Najmus Saquib Hameed, Honorary Chairman of LRBT
Najmus Saquib Hameed, Honorary Chairman of LRBT

The chubby-cheeked baby Ghulam Nabi kicks away merrily on the steel chairs. He smiles beatifically as his mother takes him in her lap, his completely sightless eyes trying to focus on her face.

Standing in the cool sterile environment of the pediatric ward of Karachi’s Layton Rehmatullah Benevolent Trust (LRBT) hospital in Korangi, one can see the multitude of anxious parents cooing and calming their babies as they wait for their turn in the largest non-profit eye care network of Pakistan.

Ghulam Nabi is one of the three million children in Pakistan that are blind or visually impaired. The son of a cook, the baby travelled with his parents all the way from Usta Muhammad, Balochistan, to Karachi to receive treatment at Layton Rahmatullah Benevolent Trust (LRBT) facility.

According to Unicef, Pakistan has one of the highest prevalence of malnourishment in the world with 38 per cent of children under five stunted. Najmus Saquib Hameed, honorary chairman of LRBT, links the lack of nutrition in diet, particularly vitamin A, to the high rates of vision impairment in the country that has led to a population of 26m requiring treatments for sight.

The incidence of accidents increase around Eid as children use Eidi money to buy guns that can hurt eyes during play-shooting

Surprising, there is a seasonal trend to eye treatments needed by children. Around Eid, when they get Eidi money, toy guns are bought which leads to play-shooting that can hurt the eyes. The incidence of accidents in children increases around Eid.

A whopping sum of Rs1.8 billion is needed by the organisation this year to treat the over 3m patients expected to visit its facilities — 300,000 of which will require surgery. Completely run on Zakat and donations, LRBT currently treats about 10,600 people a day — over a thousand of which visit the Korangi hospital in Karachi alone.

Transparency & business class generosity

Talking about the generosity of the people of Pakistan, Mr Hameed, emphasises the compassion of the business communities and the middle-income class that are the main donors.

“Karachi is the major business centre so we get a huge chunk from it but Lahore is significant as well. Business people are very good at Zakat and donations. For example, the Chiniotis built a hospital building for us and we run it entirely funded by them.”

The bulk of the money — 40pc — is received during Ramazan, including the two weeks that precede and follow the holy month. It was about Rs600m last year when the LRBT raised Rs1.5bn, roughly 17pc of which was from abroad.

However, for donations to flow there must be complete transparency.

“All our books are open for examinations and we declare that on our website,” he says, handing the Dawn team the annual report with details of local and international donor funds. “Everything comes in through the banking channels; except petty cash, all our expenses are paid through cheques. Consequentially, we end up paying more because of services tax, withholding tax etc but we want everything on the books and everything kosher. No double-book keeping”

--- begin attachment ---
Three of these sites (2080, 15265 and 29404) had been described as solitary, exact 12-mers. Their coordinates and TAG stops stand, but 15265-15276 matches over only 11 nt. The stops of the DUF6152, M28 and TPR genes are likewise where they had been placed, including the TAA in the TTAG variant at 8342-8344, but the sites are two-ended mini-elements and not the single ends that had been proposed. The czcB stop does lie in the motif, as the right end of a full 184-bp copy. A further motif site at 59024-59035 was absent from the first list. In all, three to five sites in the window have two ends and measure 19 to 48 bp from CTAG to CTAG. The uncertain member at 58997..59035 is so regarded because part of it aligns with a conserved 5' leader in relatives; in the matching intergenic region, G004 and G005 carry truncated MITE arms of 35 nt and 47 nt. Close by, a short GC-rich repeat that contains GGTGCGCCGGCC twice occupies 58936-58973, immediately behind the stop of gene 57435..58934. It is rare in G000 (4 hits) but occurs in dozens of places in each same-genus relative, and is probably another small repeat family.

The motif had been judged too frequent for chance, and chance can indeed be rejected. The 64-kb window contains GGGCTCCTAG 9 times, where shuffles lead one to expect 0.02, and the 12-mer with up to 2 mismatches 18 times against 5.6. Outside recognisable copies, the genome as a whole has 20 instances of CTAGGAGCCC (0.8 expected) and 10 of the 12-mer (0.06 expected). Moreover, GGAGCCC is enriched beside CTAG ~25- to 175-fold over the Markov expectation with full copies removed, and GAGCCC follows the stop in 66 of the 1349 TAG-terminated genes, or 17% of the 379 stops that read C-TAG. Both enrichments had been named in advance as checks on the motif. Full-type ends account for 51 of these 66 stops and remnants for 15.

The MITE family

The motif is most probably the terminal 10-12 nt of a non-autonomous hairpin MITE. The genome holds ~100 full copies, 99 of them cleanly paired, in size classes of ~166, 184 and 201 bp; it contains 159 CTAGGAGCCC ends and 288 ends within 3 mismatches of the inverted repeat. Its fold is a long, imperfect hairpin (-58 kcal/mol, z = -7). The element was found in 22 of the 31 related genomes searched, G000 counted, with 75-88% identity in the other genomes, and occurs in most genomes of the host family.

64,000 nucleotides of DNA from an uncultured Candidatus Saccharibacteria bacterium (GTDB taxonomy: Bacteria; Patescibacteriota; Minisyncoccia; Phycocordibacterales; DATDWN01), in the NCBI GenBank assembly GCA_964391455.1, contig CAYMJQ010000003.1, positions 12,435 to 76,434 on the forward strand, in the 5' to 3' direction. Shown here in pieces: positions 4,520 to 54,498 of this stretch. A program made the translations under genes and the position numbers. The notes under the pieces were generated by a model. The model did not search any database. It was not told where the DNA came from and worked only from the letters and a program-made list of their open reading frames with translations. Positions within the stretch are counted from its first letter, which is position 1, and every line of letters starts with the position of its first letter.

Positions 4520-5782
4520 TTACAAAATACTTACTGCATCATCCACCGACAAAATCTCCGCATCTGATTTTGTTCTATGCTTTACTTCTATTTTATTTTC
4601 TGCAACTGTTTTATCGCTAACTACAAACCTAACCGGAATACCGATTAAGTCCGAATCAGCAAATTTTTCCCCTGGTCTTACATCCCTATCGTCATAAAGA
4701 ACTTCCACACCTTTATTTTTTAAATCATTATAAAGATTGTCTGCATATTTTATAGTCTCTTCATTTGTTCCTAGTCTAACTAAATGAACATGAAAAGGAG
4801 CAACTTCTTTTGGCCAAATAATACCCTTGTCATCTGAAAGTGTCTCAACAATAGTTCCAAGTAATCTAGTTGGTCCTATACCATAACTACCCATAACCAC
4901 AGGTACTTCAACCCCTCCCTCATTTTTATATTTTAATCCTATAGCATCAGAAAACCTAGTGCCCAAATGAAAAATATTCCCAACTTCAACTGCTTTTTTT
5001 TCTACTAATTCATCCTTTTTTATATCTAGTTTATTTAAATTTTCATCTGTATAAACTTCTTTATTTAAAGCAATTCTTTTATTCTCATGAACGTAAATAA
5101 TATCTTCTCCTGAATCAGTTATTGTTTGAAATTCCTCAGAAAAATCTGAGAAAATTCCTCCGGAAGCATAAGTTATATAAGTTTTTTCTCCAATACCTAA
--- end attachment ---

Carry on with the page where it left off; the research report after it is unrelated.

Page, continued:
While the crackdown on terror financing has increased paperwork, LRBT’s transparency has allowed the funds to continue flowing from abroad.

Baby Ghulam Nabi with father Amir Bakhsh in LRBT’s Korangi Hospital, Karachi.—Photo by the writer
Baby Ghulam Nabi with father Amir Bakhsh in LRBT’s Korangi Hospital, Karachi.—Photo by the writer

Efficiency with passion

While the government of Pakistan caps administrative expenses for non-profit organisations (NPOs) at 15pc, it is not a problem for LRBT where a tight ship is being run. “Our administrative expenses are just over 4pc… must be among the best in the world given that some NPOs have rates as high as 20pc,” says Mr Hameed.

The entire network of 19 hospitals and 55 clinics dispersed all over the country is run with only about 40 people in finance, marketing and communications, IT and operations. All administrative activities are centralised in the LRBT house, he explains. “We do this because no charity can really succeed without passion and commitment. Even those working for a living do the work of a person and a half”.

Given the volume of patients, the hospitals need to be run by clockwork, Mr Hameed explains. “The average time for an outpatient from entry to exit is no more than two hours — most patients get out within an hour.”

Docs’ 10pc attrition rate

Except for Karachi, Lahore and Quetta, all LRBT hospitals are in small towns or rural areas. To incentivise doctors, LRBT provides furnished residential accommodation, transport allowance for their children to go to schools, payment of utility bills and a location allowance. “The more difficult the location, the higher the location allowance. It is the only way to attract doctors to work in remote locations”.

“We still lose them, at times to Gulf countries in the Middle East or the private sector. Our attrition rate is 10pc.” Hardly surprising, given that LRBT runs the largest programme for postgraduate ophthalmological training in the country which enables its doctors to be competent clinically as well as surgically.

A goal of 90pc

Rahim Yar Khan, Dadu or Sehwan, and if security conditions permit then Bannu, are the three places earmarked for future hospitals to cover the gaps in the network.

“At the moment we are covering about 70pc of the population of Pakistan, with the additional hospitals we will be very close to 90pc. That was the dream of the founders and our mission: no man, woman or child should go blind just because they cannot afford the treatment,” said the chairman. '

Published in Dawn, The Business and Finance Weekly, April 26th, 2021


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